When asked simply if Congress should pass the legislation or not, 30 percent of respondents answer yes, while 22 percent say no; 44 percent have no opinion.
Without specifics, a plurality of Americans are unsure about the bill, even if support edges out opposition. Given the specifics, support more than doubles. What does that indicate? It indicates that people do not know enough about the jobs bill. They don't know the specifics and are caught in the smoke and mirrors of the media and the Republican lie campaign.

This is why the president continues to go around the country and push for the bill. If the media won't do its job and educate the American people, the president will. This is not a case where he has to convince policymakers to vote for the bill. Members of Congress know what's in it, and whether they support it, and why or why not (note, the why not part mostly consists of sticking it to the President politically). There is no tweaks that can be made in the bill to get policymakers who are opposed on board. The remaining force? Popular pressure. To break down the do-nothing Republicans by opening a can of whoop-ass from the people who hear the president's message.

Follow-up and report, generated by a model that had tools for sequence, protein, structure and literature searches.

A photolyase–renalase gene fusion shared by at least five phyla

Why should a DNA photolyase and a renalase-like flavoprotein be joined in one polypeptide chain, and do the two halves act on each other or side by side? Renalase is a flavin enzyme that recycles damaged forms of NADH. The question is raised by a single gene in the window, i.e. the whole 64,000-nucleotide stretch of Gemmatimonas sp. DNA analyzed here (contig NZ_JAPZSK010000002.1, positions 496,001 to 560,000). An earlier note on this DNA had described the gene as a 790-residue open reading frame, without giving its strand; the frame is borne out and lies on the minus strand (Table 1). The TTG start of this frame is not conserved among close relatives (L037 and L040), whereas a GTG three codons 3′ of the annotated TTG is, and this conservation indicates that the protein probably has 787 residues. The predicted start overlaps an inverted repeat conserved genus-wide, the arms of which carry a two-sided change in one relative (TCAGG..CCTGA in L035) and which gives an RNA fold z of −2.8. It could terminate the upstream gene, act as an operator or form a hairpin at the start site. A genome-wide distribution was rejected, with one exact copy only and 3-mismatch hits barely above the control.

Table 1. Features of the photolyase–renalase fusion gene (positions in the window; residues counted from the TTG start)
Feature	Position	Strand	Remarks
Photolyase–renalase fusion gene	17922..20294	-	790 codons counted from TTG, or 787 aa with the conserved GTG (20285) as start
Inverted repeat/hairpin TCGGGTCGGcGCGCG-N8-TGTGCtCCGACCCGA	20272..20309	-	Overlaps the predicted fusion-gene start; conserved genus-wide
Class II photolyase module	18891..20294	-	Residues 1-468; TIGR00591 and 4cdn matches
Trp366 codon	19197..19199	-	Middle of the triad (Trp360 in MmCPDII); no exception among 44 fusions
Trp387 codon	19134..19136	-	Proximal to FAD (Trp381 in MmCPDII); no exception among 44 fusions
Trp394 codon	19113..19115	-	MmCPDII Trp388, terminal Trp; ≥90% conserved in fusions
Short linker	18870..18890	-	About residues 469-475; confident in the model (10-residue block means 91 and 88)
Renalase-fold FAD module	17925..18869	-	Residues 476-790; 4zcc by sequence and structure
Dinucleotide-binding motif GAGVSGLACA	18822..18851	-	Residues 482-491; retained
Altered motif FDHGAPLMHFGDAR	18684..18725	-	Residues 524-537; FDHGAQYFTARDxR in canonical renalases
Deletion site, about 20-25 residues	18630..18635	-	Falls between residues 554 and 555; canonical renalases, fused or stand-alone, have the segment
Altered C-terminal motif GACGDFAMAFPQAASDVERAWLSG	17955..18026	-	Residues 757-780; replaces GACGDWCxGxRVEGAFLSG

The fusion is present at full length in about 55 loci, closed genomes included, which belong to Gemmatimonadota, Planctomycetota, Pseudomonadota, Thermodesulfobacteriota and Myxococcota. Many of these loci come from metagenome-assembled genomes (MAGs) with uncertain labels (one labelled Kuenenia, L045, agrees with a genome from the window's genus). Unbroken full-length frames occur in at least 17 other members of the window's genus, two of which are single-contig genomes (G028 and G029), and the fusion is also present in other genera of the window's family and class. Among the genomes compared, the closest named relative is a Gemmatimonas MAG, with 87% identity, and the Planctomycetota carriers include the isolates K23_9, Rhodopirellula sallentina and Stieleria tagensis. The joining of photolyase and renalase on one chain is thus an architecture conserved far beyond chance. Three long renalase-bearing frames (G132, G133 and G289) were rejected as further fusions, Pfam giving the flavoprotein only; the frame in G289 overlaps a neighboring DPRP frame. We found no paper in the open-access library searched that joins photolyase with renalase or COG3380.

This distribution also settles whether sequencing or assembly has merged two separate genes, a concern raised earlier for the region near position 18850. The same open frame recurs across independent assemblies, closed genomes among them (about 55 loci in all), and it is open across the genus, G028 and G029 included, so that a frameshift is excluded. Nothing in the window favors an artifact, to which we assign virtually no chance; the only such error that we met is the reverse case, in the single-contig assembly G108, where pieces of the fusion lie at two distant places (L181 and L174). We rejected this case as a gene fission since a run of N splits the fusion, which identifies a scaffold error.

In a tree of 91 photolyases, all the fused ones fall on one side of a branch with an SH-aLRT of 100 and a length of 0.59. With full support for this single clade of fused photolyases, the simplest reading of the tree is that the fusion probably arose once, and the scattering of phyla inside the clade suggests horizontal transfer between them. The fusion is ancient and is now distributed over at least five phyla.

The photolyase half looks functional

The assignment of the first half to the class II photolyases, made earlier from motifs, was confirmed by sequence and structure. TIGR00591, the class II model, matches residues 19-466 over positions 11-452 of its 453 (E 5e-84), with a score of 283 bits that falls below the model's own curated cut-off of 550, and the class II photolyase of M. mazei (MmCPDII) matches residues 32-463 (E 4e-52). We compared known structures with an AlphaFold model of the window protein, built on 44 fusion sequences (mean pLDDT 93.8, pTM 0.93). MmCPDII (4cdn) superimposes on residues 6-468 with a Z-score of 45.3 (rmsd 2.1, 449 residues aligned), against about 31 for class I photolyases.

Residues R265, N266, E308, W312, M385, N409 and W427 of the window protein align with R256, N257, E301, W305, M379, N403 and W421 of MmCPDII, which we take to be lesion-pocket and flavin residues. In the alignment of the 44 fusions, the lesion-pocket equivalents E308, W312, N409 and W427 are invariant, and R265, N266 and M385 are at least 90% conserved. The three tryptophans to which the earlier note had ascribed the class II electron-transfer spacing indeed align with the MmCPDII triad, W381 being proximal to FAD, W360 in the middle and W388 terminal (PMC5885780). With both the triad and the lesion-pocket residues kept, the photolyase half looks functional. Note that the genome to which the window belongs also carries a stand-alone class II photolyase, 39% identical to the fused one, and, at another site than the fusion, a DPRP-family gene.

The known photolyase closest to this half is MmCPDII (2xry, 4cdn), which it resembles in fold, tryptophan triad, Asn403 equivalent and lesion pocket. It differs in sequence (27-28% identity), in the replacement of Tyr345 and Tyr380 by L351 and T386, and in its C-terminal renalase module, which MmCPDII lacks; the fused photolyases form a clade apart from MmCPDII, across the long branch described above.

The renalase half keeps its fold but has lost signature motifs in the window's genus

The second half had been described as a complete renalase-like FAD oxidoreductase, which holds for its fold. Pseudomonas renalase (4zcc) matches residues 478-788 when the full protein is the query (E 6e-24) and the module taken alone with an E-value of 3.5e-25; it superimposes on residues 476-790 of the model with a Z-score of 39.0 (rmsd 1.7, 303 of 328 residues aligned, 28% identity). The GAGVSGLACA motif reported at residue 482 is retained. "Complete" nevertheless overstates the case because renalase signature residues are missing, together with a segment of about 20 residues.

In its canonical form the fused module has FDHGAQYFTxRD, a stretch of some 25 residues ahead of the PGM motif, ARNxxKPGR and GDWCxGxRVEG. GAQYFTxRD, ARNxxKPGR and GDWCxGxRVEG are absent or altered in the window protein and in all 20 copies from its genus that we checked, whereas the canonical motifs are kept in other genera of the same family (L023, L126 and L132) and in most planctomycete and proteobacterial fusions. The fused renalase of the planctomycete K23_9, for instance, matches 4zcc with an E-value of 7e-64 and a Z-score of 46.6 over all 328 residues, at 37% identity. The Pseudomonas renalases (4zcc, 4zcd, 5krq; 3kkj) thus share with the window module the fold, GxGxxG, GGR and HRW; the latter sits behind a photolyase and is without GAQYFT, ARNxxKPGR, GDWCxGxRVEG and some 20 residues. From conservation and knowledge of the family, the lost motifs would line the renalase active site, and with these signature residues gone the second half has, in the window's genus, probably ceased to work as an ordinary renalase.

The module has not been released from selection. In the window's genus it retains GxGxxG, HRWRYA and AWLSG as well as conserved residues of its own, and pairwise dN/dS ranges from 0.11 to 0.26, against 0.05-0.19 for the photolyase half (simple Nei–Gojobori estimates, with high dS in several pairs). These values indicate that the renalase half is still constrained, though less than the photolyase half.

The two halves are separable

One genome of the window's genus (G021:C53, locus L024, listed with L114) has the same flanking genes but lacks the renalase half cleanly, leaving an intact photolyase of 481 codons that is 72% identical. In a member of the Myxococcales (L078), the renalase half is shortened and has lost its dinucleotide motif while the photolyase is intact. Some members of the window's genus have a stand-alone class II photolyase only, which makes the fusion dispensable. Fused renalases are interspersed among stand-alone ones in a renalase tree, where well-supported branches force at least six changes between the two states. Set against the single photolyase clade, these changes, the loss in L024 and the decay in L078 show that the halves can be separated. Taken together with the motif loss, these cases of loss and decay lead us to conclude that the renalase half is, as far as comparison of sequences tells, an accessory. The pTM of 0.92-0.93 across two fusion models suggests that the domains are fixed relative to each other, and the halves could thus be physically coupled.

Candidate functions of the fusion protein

And as Eclectablog pointed out yesterday, as the president continues his campaign for the American Jobs Act, not only is the plan itself gaining support - perhaps too much for Congress to stay silent much longer - the president's favorability and approval ratings are also going up, while his negatives are falling. So not only are the Republicans losing the contest on policy (which they almost always do), they are also losing on their political goal (oops). Barack Obama is making them eat their own dogfood, and there's not a damn thing they can do about it. See it again and weep, GOP: